Tuesday, March 1, 2011

NY Court Rules Surviving Gay Spouse Can Inherit Estate

For heterosexual couples, a marriage performed anywhere, is recognized everywhere. A New York court has ruled that gay and lesbian couples deserve the same right when it comes to inheritance. WNBC New York reports:
A survivor of a same-sex marriage can inherit as a spouse, an appeals court said Thursday in a ruling a gay-rights legal group called the first appellate decision of its kind in New York.

While same-sex couples can't wed in the state, J. Craig Leiby and H. Kenneth Ranftle were legally married in Canada, so Leiby is entitled to recognition as the surviving spouse in a dispute over Ranftle's estate, the appellate judges said in upholding a lower court's decision.

Leiby and Ranftle married in Montreal on June 7, 2008, after being together for nearly 25 years, according to court papers. Financial and professional services workers, they lived and worked in New York City.

Ranftle died of lung cancer Nov. 1, 2008, according to an obituary notice.

One of Ranftle's brothers, Richard, sought to contest the will and challenged the legitimacy of the marriage, saying it violated public policy in New York. The will left most of the estate to Leiby, with bequests to Richard Ranftle, other brothers and a goddaughter.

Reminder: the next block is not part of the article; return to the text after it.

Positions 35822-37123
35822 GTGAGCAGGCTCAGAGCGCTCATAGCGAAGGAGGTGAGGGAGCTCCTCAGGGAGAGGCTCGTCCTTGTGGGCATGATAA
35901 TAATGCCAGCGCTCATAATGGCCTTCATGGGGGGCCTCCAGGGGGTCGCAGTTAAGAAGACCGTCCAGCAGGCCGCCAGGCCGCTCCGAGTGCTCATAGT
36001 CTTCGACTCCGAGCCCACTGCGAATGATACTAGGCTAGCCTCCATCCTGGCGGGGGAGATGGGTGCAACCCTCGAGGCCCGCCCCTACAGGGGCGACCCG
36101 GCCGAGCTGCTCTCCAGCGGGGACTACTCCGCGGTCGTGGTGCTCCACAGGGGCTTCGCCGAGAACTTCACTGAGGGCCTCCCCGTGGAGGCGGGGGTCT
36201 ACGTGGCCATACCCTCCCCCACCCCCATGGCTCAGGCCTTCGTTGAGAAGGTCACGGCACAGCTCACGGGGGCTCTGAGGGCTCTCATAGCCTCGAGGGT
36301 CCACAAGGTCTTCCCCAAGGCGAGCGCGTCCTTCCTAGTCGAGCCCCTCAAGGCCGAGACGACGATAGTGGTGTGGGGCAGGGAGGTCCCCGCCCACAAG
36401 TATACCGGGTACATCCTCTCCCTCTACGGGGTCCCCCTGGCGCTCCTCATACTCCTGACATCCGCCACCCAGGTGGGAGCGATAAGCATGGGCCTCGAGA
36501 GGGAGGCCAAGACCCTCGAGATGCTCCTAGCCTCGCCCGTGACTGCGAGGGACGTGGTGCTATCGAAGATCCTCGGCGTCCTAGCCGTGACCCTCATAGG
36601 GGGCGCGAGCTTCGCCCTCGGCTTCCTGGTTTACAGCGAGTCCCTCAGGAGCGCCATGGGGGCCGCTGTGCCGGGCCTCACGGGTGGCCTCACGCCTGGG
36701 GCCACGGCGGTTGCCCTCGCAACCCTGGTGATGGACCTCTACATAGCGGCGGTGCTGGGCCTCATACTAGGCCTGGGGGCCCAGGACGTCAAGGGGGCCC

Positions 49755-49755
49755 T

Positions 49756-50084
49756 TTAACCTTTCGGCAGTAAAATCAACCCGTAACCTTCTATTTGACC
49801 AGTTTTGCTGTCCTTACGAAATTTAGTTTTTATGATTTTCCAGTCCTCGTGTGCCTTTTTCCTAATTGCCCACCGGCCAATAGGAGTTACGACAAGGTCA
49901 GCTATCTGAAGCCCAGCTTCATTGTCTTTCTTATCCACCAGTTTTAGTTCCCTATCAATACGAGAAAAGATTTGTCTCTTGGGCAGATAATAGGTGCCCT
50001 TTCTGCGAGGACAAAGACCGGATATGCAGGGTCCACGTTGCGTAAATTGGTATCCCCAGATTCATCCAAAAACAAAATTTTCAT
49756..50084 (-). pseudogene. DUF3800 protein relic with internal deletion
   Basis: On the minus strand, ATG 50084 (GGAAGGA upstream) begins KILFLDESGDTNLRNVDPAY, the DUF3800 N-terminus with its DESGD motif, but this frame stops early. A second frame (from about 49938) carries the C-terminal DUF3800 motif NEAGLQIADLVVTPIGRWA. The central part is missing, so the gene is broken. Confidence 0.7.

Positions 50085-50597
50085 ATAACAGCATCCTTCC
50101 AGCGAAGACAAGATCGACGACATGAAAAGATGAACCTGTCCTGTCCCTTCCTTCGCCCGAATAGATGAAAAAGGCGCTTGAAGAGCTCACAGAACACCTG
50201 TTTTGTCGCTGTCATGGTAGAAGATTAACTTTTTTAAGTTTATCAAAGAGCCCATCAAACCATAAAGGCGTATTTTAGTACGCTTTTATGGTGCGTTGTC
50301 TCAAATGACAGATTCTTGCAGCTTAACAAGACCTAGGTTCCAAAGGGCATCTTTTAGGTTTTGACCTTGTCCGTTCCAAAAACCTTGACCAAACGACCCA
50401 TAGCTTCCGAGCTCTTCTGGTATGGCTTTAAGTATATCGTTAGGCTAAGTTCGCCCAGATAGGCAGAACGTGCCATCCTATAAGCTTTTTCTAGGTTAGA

"New York's long-settled marriage recognition rule affords comity to out-of-state marriages" that are valid where they are made, the state Supreme Court's Appellate Division wrote.
Susan Somer, senior counsel in the case, told WNBC, "(Thursday's ruling) is a decision that helps put to rest the idea that out-of-state marriages of same-sex couples could be vulnerable to attack from private parties," she said. "Family members cannot come in and try to pretend there was no marriage and interfere with the private choices the deceased spouse, Mr. Ranftle, made about protecting and leaving his estate to Mr. Leiby."

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